The lung is heavily regulated by vagal nerve endings. Viral proteins have been found within the vagal nerve in fatal COVID-19 cases. These findings certainly suggest that the virus may be entering the CNS via the vagal nerve.
Since most data on neuroinvasion has come from COVID-19 fatalities, the propagation of the virus in milder cases, which make up the majority, and in the acute phase, remains a largely unknown subject. Other pathways may come up with further research, and it may well be that there are multiple pathways. The preferred route may depend on both host and virus factors.
The actual mechanisms of CNS damage in COVID-19 may be either direct viral invasion of the neurons and associated cells or the result of a neuroimmune response.
Several scenarios present themselves.
One is the proteolysis of a key signaling factor in the host cell, called nuclear factor (NF)-κB essential modulator (NEMO), by the main viral protease (Mpro) enzyme. This could disrupt several crucial pathways required for endothelial cell survival, causing the death of these cells with microvascular injury.
Neuroimmune responses involving both the innate immune system, via microglial activation and the formation of microglial nodules, and the adaptive immune system, with increased CNS monocytes and T helper cells.
Disruption of the BBB due to the presence of the virus in the brain or because of a hyperactive peripheral or CNS immune response.
Autoimmune reactions whereby anti-SARS-CoV-2 antibodies also target antigens in the host neural tissue.
What are the conclusions?
The onset of COVID-19 has driven science forward as never before, as demonstrated in the unprecedented speed of vaccine development and the formation of a massive collaborative database of SARS-CoV-2 genomic sequences. The use of computers and specialized analytic and simulation programs, drawing in experts from an array of different fields to lend their skills to the unraveling of this tangle, and the rebirth of autopsy-based studies, with new ‘omics, has led to much progress in understanding how NeuroCOVID occurs.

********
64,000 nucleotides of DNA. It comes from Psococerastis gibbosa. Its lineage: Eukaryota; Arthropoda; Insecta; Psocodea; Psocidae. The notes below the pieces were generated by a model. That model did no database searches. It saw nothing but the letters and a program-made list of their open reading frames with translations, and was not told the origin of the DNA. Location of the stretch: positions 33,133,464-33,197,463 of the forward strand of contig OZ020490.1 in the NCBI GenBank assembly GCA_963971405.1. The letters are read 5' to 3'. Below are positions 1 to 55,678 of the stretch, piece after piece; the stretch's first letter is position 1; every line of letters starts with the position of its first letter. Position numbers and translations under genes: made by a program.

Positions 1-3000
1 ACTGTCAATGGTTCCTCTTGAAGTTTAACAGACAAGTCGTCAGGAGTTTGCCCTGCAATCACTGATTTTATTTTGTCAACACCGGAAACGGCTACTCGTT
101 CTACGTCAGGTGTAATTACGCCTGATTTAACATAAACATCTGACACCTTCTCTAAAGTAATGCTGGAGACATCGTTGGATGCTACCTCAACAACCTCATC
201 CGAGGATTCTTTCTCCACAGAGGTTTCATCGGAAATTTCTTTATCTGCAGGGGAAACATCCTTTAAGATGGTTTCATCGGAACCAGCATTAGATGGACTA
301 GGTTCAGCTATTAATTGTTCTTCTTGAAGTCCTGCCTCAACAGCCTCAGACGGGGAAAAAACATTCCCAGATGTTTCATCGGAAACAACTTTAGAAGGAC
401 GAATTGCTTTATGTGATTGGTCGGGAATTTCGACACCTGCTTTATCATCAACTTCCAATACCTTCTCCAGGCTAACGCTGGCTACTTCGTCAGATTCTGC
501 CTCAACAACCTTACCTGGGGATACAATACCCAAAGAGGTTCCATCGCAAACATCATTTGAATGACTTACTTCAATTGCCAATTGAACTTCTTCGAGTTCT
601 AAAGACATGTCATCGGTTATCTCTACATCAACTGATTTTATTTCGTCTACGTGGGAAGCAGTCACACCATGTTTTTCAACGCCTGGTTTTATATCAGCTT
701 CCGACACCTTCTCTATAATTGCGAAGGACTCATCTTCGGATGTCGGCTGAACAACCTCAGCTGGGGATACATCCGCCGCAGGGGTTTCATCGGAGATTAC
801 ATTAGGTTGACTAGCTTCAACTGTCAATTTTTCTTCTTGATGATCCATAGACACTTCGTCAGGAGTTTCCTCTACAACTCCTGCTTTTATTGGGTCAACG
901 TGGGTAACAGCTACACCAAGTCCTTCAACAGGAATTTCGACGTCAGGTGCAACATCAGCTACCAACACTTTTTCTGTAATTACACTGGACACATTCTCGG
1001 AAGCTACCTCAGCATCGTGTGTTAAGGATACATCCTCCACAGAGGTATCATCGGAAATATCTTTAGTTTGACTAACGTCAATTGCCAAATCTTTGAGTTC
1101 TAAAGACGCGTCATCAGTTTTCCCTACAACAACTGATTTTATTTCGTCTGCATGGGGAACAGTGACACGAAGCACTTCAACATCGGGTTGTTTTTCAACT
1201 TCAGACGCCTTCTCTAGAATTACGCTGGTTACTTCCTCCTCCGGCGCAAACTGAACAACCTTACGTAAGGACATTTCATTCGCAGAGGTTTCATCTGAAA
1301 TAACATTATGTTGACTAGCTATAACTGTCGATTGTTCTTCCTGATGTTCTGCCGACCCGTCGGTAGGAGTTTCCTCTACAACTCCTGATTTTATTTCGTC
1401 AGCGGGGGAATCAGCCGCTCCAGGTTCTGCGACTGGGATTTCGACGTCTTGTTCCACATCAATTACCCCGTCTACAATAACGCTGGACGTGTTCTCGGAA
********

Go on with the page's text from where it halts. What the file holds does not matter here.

Investment into thorough (neuro)pathological assessments, as well as basic and translational research, will certainly pay off in the form of mechanistic insights to guide biomarker identification and therapy development in NeuroCOVID-19.”
- Matschke, J. et al. (2022) "NeuroCOVID: Insights into Neuroinvasion and Pathophysiology", Clinical and Translational Neuroscience, 6(2), p. 10. doi: 10.3390/ctn6020010. https://www.mdpi.com/2514-183X/6/2/10/htm
Posted in: Medical Science News | Medical Research News | Disease/Infection News
Tags: Acute Respiratory Distress Syndrome, Antibodies, Biomarker, Blood, Brain, Cell, Central Nervous System, Chronic, Coronavirus, Coronavirus Disease COVID-19, Cough, covid-19, Depression, Endothelial cell, Enzyme, Genetic, Genomic, Headache, Immune Response, Immune System, Induced Pluripotent Stem Cells, Inflammation, Insomnia, Nerve, Nervous System, Neuron, Neurons, Neuroscience, Pandemic, Pathogen, Pathophysiology, Pneumonia, Propagation, Protein, Research, Respiratory, Respiratory Virus, SARS, SARS-CoV-2, Severe Acute Respiratory, Severe Acute Respiratory Syndrome, Stem Cells, Stroke, Syndrome, Toxins, Vaccine, Vascular, Vasculature, Virus
Dr. Liji Thomas
Dr. Liji Thomas is an OB-GYN, who graduated from the Government Medical College, University of Calicut, Kerala, in 2001. Liji practiced as a full-time consultant in obstetrics/gynecology in a private hospital for a few years following her graduation. She has counseled hundreds of patients facing issues from pregnancy-related problems and infertility, and has been in charge of over 2,000 deliveries, striving always to achieve a normal delivery rather than operative.